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Thinking about it some more, you might instead be looking for a range of x (and similarly, y) values such that the entire range of 1.2<n<2.0 is satisfied.
For example, if we take 1.2 = 5.4x, x=22% then 10x = 2.2 which is beyond 2.0 so for this x value, all of the range of n is satisfied. But we have "leftovers" between 2.0 and 2.2 so the other extreme that x can take is 2.0 = 10x, x=20%. For this value, 5.4x = 1.08 which of course we expect to be lower than 1.2. So the range of x values you can take is between 2022%. Are we on the right track? 


#4
Jun2014, 11:33 AM

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P: 19

Solving system of inequalities
The first component of X is 2025%, and the first component of Y is 21%. So 2025% and ____% make up X (2022%), and 21% and ____% make up Y (22%). I've no idea how to get from X and Y to their unknown component. 


#5
Jun2114, 04:01 AM

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Do everything one step at a time and at each step, find the maximum and the minimum possible value.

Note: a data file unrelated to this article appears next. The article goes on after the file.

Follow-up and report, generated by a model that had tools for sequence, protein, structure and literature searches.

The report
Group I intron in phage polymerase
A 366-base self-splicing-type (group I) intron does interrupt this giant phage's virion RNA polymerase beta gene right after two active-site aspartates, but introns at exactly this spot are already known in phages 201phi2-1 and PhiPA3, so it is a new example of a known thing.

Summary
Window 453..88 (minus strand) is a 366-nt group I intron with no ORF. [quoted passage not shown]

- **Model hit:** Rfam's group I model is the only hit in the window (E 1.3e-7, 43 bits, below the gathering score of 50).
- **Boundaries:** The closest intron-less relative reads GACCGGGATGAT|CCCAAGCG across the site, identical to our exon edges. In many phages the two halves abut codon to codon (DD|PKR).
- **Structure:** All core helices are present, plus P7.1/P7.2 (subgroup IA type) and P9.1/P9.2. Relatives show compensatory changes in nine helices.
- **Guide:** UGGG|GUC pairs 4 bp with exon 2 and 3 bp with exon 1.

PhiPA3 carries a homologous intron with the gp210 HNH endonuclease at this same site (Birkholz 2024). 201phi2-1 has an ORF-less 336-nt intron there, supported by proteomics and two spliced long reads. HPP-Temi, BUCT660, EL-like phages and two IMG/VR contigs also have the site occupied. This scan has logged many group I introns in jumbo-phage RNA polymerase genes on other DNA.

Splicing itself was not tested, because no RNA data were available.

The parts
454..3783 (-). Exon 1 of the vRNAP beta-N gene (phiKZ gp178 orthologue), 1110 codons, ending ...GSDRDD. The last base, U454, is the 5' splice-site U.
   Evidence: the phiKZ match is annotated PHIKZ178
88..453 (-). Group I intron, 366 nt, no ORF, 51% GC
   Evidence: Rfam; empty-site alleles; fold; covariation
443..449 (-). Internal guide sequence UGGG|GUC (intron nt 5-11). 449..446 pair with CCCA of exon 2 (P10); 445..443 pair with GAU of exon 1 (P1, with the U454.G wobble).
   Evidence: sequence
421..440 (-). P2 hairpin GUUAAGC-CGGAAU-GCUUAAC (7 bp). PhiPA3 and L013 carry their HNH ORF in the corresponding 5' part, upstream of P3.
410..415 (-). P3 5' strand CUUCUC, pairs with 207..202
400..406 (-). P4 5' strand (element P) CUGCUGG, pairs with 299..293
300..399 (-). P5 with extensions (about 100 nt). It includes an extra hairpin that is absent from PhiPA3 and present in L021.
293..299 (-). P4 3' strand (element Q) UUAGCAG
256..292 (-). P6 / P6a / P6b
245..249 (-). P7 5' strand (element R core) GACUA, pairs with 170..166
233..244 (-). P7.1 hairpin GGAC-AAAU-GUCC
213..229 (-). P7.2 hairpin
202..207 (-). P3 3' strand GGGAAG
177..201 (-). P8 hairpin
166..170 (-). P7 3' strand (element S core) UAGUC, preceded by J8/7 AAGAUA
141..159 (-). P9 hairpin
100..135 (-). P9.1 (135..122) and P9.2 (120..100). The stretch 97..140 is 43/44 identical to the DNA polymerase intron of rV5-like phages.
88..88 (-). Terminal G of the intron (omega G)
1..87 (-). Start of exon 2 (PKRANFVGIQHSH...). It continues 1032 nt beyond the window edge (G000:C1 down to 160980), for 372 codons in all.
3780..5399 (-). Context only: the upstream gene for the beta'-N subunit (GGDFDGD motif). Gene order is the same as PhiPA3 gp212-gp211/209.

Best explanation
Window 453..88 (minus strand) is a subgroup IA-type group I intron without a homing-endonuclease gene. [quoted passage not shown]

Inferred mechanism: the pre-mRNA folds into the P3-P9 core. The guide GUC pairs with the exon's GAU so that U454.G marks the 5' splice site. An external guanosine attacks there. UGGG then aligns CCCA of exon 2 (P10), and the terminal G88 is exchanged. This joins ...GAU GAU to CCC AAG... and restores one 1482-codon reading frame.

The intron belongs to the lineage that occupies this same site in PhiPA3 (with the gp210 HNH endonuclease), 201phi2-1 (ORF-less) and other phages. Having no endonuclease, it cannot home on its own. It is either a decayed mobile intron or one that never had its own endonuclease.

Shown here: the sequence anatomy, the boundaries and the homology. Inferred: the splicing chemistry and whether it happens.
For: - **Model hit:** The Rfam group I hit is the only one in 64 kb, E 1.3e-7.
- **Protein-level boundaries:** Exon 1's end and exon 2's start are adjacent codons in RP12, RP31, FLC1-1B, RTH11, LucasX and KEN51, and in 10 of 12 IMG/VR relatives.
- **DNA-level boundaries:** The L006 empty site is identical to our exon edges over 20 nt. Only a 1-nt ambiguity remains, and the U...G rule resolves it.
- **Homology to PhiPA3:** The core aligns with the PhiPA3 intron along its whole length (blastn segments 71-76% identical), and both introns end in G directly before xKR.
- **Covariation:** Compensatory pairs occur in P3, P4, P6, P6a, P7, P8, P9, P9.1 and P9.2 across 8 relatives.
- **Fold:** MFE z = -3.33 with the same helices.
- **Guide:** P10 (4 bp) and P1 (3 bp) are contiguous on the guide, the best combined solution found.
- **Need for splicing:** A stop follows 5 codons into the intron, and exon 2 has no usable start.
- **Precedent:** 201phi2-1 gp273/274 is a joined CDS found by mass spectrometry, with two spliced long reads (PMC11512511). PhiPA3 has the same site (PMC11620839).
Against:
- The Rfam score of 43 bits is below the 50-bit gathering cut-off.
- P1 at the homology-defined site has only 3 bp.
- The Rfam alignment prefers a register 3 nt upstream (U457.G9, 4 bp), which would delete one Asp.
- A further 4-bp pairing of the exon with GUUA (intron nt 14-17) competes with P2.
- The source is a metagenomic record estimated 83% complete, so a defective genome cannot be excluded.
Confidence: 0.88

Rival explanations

So you start with ##1.2 ≤ n ≤ 2.0##, we have a range for ##n##. Now look at x: ##5.4x ≤ n ≤ 10x##, we know the maximum and minimum of ##x## will occur when ##n## is a maximum or minimum, we don't need to use calculus. Find the max and min for those two extreme values of ##n##, then ##x##'s range will be the highest and lowest of those 4 numbers. Proceed like this one step further and find the range of ##y##. 


#6
Jun2114, 07:32 AM

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x=20% would fail at 5.4x=1.08 < 1.2, x=22% would fail at 10x=2.2 > 2. It would work if your calculated 20% would be larger than the calculated 22%. I think it would help a lot if you can give more context to the equations. 


#7
Jun2114, 07:59 PM